The big news this morning, which must have had Steve Ballmer choking on his cornflakes, is that Google is about to go head-to-head with Microsoft, and launch its own operating system
The big news this morning, which must have had Steve Ballmer choking on his cornflakes, is that Google is about to go head-to-head with Microsoft, and launch its own operating system.
The Chrome OS will initially target netbooks, no surprise as Google's mobile OS, Android, is already cropping up on that form factor, and it stands out as one of the few hardware sectors still growing, but there's no indication of what Google is planning in the long term, and whether it aims to really go after Windows.
It will be interesting to see what Google comes up with. It's developers have a great opportunity to create a new OS from scratch rather than around legacy code. The performance of the Chrome browser was certainly an eye-opener when that launched, and Google said it is planning more of the same with an OS that can go from boot up to web browsing in a few seconds.
The question is whether Google has the intention or the capacity to go beyond that, and how far into the PC market it wants to go. The Chrome OS so far sounds a bit too much like a glorified browser to me - which would suit the netbook form factor and usage model, but might end up as something of a niche product.
Netbooks are still selling, but there is already grumbling from consumers that they don't do everything they want - essentially, consumers have gotten used to a fully featured OS (mainly Windows, but could be Mac too). Recent US research found that 65% of 18-24 year olds who had bought a netbook expected better performance from it.
Netbooks are also still evolving in form factors and features, and with more hardware on a netbook, you need more software to run it. Microsoft will be making Windows 7 available on netbooks, so if that's going to be the battleground, Google will have to match what the Starter Edition of the new Windows can do.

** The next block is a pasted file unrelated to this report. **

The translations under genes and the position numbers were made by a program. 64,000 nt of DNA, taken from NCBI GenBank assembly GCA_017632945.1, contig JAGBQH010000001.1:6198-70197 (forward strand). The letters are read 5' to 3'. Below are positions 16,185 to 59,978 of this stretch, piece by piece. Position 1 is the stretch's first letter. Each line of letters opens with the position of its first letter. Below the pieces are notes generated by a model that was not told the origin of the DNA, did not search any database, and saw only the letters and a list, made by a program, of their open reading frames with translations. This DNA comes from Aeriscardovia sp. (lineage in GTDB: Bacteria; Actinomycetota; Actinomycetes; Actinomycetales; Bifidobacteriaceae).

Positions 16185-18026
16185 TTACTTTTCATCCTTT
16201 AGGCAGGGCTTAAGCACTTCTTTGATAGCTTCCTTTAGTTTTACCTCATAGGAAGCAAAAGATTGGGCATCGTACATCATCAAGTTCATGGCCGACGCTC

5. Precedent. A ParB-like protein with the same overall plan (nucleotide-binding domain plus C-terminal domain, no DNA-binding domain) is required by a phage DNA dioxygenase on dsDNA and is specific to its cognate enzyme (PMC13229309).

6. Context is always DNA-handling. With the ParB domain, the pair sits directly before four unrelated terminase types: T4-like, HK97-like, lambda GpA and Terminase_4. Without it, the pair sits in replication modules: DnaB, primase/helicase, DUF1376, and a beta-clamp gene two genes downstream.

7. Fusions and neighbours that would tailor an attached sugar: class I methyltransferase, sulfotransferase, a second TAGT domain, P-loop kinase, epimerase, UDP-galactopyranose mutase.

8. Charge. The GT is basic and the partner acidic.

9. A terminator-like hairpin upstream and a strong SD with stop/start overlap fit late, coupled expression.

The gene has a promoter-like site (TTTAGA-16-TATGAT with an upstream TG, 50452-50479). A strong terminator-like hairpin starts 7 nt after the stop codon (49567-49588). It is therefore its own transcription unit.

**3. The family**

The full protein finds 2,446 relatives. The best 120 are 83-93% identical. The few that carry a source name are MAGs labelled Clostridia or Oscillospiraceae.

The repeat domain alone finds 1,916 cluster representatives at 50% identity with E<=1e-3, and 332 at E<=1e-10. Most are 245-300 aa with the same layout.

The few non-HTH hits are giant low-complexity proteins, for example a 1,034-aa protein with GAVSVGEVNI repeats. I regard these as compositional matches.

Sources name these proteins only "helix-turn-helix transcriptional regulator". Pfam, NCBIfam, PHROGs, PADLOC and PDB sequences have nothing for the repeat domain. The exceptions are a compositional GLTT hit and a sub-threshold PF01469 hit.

The netbook sector could just be intended as a launch platform for moves into proper notebooks and desktops. OEMs have opened up more to the possibilities of non-Microsoft OSs, with Linux and Android on netbooks, but it has been a long road - Linux at the desktop hasn't really taken off, and Microsoft still claims that 90% of netbooks use Windows - a figure mirrored on notebooks and desktops. At a corporate level, Google has plenty of search users, but Google docs and Gmail haven't shown significant uptake. Taking significant, business desktop share with a netbook-oriented OS isn't going to happen.
Or maybe that's missing the point. Perhaps Google is looking to new paradigms of computing, where easy access to always-on services are all that matters. Its whole strategy around Google Docs, Chrome, Gears and so on has been make the browser king. Microsoft's 'everything plus the kitchen sink' versus Google's 'everything online' approach. It's going to be an interesting war.
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